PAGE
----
Now more than ever, children with chronic diseases are surviving into adulthood. Whether through innovation in technology and research, collaboration among teams and multidisciplinary care models, or health care delivery at the patient or population level, medical science continues to improve the health of those who are most in need of lifelong care. This has resulted in a tidal wave of adolescents and young adults with complex medical needs who are now entering the offices, emergency departments, and hospitals of “adult” providers. In some cases, they come as no surprise, with well-developed transition goals and plans, and the transfer of care from pediatric to adult providers is relatively smooth. On the contrary, and as is often the case, they arrive with a complication, after a lapse in care, and with no records or limited personal knowledge of the details of their own medical history.
Although there are a growing number of providers who devote their careers to the emerging adult with chronic disease and interest in the field of transition medicine is ever-increasing, education and training of providers on the key elements of transition is lacking. Furthermore, although the subspecialist has a particular interest in successful transition of adolescents and young adults, the general pediatrician plays just as important a role in this process and this is often underappreciated.
In this two-part Pediatric Annals issue, we explore the pillars of transition medicine and learn how they apply to chronic diseases like cystic fibrosis, type 1 diabetes, and HIV, before ending where we started—educating future providers on how to do this well. Next month in part 2 of the issue, we'll see how two residency programs have incorporated transition consultations into outpatient and inpatient settings and revisit specific diseases where successful transition is critical—autism, congenital heart disease, and allergy and immunology.
The first article, “A Review of Interventions Aimed at Facilitating Successful Transition Planning and Transfer to Adult Care Among Youth with Chronic Illness,” by Dr. Jill Weissberg-Benchell and Jenna B. Shapiro discusses the key pieces of a successful transition process: the transition coordinator, clinic, and program. The authors highlight a theme that is carried on throughout a pediatric patient's transition to an adult care model—communication is key. Be it at the personal interface with the transition coordinator, an obviously important relationship, or at the clinic or programmatic level, patients (and their parents) want to know what is happening, with whom and when, and for what reason. In this article, we learn about the interventions of the last decade aimed at improving transition, often by encouraging communication of all stakeholders, with the goal to increase independence and autonomy for the emerging adult with chronic disease.
The second article, “Current Concepts of Transition of Care in Cystic Fibrosis,” by Drs. Ajanta Patel, Maria Dowell, and B. Louise Giles explores the decades-long transition success story of cystic fibrosis (CF) care. The authors acknowledge that despite a most suitable model—specialized providers caring for a well-defined disease that spans the age chasm—there is still much to be learned about, and improved upon, regarding CF transition. Specifically, despite there being over 100 CF centers in the United States in which transition systems are in place or in development, there is still much variability in transition methodology and an unmet need for improving patient benchmarks; perhaps this will occur via a novel digital toolkit launched for CF programs in 2015.1 The third article, “Models of Care for Adolescents and Young Adults with Type 1 Diabetes in Transition: Shared Medical Appointments and Telemedicine,” by Dr. Jennifer K. Raymond describes how telemedicine and shared medical appointments, or group visits in which several teens with type 1 diabetes (T1D) see a provider simultaneously, can be used to improve T1D transition. Not only are they effective tools that increase access to care and encourage the development of independence and health responsibility, these two models can be combined in a novel way to teach teens (and providers) about transition. It turns out that web-based video conferencing is cool!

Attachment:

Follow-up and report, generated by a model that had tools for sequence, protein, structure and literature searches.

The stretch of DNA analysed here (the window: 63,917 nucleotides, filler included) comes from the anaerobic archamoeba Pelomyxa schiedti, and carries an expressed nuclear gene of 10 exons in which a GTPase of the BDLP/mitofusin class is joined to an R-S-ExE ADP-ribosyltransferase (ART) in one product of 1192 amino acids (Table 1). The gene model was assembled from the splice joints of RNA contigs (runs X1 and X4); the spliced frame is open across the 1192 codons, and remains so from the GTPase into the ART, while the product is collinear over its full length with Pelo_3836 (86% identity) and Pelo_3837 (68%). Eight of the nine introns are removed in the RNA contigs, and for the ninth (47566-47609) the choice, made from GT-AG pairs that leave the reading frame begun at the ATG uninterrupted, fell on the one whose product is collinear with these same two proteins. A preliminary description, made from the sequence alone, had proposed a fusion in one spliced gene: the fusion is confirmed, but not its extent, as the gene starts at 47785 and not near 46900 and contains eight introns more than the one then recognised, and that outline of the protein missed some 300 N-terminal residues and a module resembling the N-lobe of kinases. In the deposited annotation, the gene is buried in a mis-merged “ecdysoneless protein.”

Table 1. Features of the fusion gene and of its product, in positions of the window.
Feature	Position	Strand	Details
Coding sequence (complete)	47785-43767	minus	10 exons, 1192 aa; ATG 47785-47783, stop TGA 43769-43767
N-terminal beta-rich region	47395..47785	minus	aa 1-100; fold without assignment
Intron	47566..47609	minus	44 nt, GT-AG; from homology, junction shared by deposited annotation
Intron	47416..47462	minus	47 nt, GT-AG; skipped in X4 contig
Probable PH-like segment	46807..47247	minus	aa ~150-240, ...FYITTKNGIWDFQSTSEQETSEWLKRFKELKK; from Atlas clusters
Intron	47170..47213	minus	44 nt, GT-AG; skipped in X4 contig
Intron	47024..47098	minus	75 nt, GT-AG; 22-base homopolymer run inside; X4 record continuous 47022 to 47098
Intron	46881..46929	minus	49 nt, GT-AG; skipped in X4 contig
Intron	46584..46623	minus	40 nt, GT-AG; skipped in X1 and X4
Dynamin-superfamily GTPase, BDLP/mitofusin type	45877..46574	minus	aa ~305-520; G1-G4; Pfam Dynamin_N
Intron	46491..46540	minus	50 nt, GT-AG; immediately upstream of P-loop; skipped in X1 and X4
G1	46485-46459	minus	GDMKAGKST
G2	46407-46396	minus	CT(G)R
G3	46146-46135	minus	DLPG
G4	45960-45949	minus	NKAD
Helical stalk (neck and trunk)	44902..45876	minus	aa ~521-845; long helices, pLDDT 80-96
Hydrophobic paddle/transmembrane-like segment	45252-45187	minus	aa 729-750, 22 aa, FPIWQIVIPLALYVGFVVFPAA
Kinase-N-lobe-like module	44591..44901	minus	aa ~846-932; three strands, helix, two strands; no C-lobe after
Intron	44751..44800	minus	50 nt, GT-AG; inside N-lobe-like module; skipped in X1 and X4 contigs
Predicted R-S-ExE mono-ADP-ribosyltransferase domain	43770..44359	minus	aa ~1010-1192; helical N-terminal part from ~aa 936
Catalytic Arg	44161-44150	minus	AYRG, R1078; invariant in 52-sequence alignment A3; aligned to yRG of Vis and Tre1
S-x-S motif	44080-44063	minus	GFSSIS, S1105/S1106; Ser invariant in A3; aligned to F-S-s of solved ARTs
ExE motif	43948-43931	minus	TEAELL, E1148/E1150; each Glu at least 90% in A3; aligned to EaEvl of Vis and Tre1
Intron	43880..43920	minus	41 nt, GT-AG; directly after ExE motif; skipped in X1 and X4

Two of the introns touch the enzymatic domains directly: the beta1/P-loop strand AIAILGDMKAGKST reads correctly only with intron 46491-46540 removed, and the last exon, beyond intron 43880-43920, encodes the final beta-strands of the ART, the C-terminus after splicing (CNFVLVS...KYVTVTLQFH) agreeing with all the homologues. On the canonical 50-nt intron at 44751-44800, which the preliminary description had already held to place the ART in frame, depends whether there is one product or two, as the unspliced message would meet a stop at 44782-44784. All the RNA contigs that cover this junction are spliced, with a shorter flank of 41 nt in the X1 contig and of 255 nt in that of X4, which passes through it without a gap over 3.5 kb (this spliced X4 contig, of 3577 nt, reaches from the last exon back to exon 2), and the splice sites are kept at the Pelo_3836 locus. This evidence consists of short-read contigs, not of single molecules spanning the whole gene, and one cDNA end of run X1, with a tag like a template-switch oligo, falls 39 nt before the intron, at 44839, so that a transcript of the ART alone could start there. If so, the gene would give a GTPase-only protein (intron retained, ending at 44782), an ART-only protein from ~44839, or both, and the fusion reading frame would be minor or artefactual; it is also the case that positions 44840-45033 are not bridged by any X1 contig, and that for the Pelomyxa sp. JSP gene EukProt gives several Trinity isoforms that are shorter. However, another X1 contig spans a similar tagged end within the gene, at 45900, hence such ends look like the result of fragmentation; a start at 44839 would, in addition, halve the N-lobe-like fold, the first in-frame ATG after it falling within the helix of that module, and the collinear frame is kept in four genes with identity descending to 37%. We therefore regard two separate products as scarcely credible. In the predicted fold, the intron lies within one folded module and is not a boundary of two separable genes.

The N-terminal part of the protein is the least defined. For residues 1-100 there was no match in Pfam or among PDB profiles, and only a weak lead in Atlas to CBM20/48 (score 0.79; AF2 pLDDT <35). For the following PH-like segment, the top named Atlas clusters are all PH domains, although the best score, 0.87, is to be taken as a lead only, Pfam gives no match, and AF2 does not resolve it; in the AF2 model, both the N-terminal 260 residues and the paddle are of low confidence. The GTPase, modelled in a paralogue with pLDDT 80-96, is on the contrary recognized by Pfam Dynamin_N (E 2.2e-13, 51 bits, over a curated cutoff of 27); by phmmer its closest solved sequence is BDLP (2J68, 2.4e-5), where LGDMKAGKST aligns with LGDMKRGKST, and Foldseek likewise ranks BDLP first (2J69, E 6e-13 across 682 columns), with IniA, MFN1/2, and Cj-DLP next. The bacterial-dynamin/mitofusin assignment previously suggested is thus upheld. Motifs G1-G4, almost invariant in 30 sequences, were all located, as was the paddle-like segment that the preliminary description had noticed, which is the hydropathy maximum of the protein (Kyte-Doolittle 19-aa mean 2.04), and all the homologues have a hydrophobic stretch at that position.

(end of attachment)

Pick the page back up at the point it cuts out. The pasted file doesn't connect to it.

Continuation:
In the fourth article, Dr. Mary Ellen Acree introduces us to the ever-changing field of chronic HIV, in “Transition of Care for Youth with HIV.” In this piece, she describes the social stigma that plagues the life of an adolescent with HIV and how that affects his or her own transition to an adult care model. She acknowledges that nearly 50% of teens with perinatally acquired HV have a mental illness and this can clearly affect the transition process. What's more, people with HIV are more likely to be underinsured and face more economic hardships than their peers.
The final article, “Using Quality Improvement in Resident Education to Improve Transition Care,” by Drs. Sofija D. Volertas and Rita Rossi-Foulkes describes their experience in developing and implementing a quality improvement project that spans multiple patients over many generations in an internal medicine-pediatrics residency program. In their early experience, patients in need of chronic care and a prolonged and thoughtful transition can still achieve successful transfer of care in a busy, academic medicine-pediatrics practice in which providers frequently come and go during/after training.
From successful transition interventions to implementation in real-world chronic disease and residency training programs, we hope you sit back, think about how transition affects your practice (because it does), and perhaps learn something. Let's face it—we're getting older and so are they. Ready or not, here they come!
- CF R.I.S.E. website. www.cfrise.com. Accessed April 25, 2017.